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B. L. Petrig, M. S. Muller, A. E. Elsner, D. A. VanNasdale, B. P. Haggerty, R. C. Gustus, E. J. Kollbaum; Low Cost Retinal Imaging and Mapping of Fixation with the Laser Scanning Digital Camera. Invest. Ophthalmol. Vis. Sci. 2009;50(13):5279.
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© ARVO (1962-2015); The Authors (2016-present)
To provide retinal imaging that visualizes low contrast features by utilizing tightly confocal or multiply scattered light. To evaluate various types of scanning elements that bring enough precision but low cost to the Laser Scanning Digital Camera (LSDC),
High precision of our scanning element that sweeps an illumination slit across the retina is required, since there is line-by-line read-out of the CMOS area sensor (Aptina / Micron, Boise, ID) whose electronic rolling shutter was used as a flexible, electronic aperture for de-scanning. We considered two kinds of scanning elements for the illumination slit, a DC-motor driven polygon mirror, and a galvanometer mirror. Each scanning element required a different type of positional control and synchronization with respect to the CMOS aperture. The polygon rotated in open-loop, while the galvanometer oscillated in closed-loop with a saw-tooth pattern. Either approach lends itself for direct and indirect scattered light imaging. We evaluated the performance of the LSDC for various slit widths of 50, 100, 150, 200, 400, 800 µm. We also varied the distance between the illumination slit center and the CMOS aperture from a centered position for direct imaging to an off-center position for indirect imaging.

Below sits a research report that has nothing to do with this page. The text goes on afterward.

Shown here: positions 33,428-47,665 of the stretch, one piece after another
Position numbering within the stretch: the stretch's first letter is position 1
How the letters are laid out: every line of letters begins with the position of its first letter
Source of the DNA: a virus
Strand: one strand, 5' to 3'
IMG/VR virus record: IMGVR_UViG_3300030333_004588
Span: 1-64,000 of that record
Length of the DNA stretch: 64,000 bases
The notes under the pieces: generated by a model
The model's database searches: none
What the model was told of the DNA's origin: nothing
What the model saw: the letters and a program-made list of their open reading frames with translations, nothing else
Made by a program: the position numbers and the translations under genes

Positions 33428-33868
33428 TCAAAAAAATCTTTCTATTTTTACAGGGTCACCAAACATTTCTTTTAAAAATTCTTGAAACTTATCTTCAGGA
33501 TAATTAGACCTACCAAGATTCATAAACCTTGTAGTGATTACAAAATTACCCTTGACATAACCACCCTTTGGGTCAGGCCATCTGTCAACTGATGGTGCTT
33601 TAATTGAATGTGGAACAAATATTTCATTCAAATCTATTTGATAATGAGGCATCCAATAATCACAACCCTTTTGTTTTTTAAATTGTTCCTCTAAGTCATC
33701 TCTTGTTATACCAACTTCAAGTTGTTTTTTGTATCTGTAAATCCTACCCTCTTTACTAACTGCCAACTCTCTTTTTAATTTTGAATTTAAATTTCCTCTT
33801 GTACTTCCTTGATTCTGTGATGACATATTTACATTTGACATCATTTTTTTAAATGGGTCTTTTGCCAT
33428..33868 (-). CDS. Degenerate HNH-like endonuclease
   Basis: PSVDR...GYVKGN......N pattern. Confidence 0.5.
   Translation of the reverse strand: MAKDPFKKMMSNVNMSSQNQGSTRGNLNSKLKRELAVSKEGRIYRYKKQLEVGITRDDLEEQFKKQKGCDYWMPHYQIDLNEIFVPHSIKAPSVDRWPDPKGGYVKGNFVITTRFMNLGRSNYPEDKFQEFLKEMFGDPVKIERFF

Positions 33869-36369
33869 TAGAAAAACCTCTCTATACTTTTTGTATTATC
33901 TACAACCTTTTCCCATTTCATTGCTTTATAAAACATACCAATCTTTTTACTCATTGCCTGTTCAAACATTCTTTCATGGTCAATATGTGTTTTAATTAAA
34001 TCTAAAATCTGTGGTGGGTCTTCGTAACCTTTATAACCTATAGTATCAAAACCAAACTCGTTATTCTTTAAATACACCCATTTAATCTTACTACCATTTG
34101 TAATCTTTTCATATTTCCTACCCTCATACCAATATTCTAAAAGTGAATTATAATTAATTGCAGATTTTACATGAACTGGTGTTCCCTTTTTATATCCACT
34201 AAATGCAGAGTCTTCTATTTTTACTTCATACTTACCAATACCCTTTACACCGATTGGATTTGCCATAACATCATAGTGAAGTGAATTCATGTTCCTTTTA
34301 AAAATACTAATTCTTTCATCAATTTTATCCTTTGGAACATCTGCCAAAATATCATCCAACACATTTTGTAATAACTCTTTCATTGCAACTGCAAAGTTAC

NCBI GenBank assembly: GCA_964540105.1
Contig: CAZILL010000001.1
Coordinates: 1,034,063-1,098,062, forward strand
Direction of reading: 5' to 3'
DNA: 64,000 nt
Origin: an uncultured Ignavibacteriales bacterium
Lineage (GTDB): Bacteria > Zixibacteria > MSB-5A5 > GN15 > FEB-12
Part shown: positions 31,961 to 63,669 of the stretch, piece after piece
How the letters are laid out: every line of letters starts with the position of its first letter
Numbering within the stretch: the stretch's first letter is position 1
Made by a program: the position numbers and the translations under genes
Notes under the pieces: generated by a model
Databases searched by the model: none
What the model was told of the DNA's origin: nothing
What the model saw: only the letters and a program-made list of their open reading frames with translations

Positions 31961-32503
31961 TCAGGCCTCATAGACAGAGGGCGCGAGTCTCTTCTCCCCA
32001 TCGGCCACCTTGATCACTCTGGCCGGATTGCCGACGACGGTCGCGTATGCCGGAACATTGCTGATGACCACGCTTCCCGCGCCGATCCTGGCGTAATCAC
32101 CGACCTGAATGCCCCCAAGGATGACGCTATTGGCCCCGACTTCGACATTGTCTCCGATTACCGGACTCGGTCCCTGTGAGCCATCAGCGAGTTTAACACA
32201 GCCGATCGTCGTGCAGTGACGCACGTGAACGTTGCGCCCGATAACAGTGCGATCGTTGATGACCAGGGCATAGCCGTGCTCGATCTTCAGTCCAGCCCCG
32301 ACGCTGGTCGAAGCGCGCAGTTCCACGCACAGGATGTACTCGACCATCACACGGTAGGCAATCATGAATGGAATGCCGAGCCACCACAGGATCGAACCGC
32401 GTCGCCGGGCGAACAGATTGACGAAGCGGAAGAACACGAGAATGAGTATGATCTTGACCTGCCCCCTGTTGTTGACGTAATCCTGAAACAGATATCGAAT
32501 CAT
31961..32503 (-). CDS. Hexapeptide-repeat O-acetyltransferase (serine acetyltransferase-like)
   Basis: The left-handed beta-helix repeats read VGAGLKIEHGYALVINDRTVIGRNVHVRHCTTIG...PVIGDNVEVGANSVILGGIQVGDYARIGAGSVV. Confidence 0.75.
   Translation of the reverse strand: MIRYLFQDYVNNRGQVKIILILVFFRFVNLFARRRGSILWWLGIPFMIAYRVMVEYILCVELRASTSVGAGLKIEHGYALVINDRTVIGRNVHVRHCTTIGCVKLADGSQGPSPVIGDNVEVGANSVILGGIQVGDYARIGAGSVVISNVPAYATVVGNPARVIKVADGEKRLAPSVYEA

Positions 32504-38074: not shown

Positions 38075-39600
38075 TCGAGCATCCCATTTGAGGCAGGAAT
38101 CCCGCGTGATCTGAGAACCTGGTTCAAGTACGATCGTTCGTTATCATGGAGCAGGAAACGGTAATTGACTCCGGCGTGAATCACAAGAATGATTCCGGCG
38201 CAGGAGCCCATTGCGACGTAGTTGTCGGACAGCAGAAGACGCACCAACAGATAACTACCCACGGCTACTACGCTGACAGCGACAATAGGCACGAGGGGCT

For aperture widths of 200 µm and above, the 2 scanning elements provided high contrast and full field images. To achieve a narrow confocal aperture, we reduced the aperture width to ≤150 µm, but found that small variations in the polygon speed caused spatio-temporal misalignment that led to uneven illumination across the frame, at speeds of up to 8 fps. The galvanometer produced accurate alignment and a uniform field for all aperture widths, at speeds up to 32 f/sec. The polygon and galvanometer achieved duty cycles of 11% and 90%, respectively.
The galvanometer-based design has better synchronization accuracy for narrow aperture widths, as well as for a uniform field, and has a higher duty cycle and frame rate than the DC-motor-based approach. Low cost, high quality retinal images are readily obtainable.
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